Step 1: Create a new inbound rule allowing ICMP traffic through the firewall.

a. From the Control Panel, click the System and Security option.

b. From the System and Security window, click Windows Firewall.


c. In the left pane of the Windows Firewall window, click Advanced settings.

d. On the Advanced Security window, choose the Inbound Rules option on the left sidebar and then click New Rule… on the right sidebar.


e. This launches the New Inbound Rule wizard. On the Rule Type screen, click the Custom radio button and click Next

f. In the left pane, click the Protocol and Ports option and using the Protocol type drop-down menu, select ICMPv4, and then click Next.


g. In the left pane, click the Name option and in the Name field, type Allow ICMP Requests. Click Finish.

This new rule should allow your team members to receive ping replies from your PC.

Step 2: Disabling or deleting the new ICMP rule.

After the lab is complete, you may want to disable or even delete the new rule you created in Step 1. Using the Disable Rule option allows you to enable the rule again at a later date. Deleting the rule permanently deletes it from the list of Inbound Rules.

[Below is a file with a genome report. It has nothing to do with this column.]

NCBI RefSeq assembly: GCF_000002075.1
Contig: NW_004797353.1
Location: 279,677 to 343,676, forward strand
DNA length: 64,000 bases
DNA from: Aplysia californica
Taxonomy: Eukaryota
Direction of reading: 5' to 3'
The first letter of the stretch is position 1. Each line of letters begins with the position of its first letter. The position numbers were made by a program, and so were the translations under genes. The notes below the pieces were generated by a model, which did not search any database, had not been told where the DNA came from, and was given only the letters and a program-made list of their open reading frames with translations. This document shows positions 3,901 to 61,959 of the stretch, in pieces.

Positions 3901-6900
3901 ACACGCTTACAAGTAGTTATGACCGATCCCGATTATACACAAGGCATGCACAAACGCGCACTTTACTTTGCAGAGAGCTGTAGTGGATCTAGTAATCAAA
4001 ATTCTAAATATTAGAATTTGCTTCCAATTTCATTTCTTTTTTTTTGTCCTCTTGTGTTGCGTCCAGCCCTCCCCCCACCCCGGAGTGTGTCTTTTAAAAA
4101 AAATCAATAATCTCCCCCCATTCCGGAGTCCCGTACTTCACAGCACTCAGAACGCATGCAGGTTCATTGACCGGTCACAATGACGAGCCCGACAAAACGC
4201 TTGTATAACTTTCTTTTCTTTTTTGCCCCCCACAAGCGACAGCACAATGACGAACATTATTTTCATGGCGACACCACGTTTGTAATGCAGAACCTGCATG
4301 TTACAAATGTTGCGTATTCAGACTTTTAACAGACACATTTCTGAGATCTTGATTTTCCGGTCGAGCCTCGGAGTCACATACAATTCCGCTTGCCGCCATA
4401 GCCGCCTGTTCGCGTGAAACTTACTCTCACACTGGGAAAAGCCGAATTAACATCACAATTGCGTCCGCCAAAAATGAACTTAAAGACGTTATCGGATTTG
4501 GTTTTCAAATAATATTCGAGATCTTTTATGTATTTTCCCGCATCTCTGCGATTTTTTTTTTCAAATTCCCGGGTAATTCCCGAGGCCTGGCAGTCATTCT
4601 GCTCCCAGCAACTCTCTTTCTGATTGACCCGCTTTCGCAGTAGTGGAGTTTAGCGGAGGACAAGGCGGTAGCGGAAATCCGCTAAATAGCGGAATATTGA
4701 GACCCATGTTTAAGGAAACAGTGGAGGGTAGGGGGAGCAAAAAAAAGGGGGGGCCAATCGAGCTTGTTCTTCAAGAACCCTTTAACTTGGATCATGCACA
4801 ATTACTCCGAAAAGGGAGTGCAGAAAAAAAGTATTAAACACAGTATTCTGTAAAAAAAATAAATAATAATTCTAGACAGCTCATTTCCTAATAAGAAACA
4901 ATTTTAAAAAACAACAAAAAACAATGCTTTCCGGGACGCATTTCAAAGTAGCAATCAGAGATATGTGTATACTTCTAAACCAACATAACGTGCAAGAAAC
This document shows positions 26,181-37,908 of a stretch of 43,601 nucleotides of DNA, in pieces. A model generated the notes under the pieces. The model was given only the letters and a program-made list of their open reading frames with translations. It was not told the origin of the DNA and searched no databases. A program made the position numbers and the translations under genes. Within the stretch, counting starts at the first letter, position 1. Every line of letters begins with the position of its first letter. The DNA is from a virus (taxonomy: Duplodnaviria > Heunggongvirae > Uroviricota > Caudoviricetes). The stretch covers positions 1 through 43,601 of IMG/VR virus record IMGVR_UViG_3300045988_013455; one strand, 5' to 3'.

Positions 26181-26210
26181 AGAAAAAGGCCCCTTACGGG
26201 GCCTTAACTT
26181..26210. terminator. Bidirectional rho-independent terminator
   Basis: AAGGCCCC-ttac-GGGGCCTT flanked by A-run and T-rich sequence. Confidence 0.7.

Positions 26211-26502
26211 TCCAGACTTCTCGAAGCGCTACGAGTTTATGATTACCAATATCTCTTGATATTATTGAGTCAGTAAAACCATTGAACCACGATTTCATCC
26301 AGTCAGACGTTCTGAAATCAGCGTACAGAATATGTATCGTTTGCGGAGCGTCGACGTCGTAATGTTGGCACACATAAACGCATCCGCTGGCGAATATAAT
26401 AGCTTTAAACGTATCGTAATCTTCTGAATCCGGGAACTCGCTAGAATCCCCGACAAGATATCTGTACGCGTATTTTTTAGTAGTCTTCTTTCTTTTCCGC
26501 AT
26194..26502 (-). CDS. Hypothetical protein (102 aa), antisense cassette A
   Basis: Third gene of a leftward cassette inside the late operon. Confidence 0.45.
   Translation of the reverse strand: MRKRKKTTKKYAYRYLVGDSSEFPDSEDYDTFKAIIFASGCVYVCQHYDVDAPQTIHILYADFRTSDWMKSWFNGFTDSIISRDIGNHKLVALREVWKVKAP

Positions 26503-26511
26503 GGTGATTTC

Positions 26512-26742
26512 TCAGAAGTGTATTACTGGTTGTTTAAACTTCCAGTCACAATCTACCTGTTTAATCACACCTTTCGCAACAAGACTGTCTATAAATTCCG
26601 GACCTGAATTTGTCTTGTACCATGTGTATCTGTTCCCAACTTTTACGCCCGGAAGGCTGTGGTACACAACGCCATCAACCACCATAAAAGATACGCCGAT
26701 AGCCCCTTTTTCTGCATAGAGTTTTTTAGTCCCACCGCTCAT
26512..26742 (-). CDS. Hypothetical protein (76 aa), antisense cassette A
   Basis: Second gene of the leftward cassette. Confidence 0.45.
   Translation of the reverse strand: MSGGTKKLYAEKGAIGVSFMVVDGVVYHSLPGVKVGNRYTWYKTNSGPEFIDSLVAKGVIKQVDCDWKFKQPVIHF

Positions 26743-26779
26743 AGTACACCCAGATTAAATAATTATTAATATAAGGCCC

a. On the Advanced Security window, in the left pane, click Inbound Rules and then locate the rule you created in Step 1.


b. To disable the rule, click the Disable Rule option. When you choose this option, you will see this option change to Enable Rule. You can toggle back and forth between Disable Rule and Enable Rule; the status of the rule also shows in the Enabled column of the Inbound Rules list.

c. To permanently delete the ICMP rule, click Delete. If you choose this option, you must re-create the rule again to allow ICMP replies.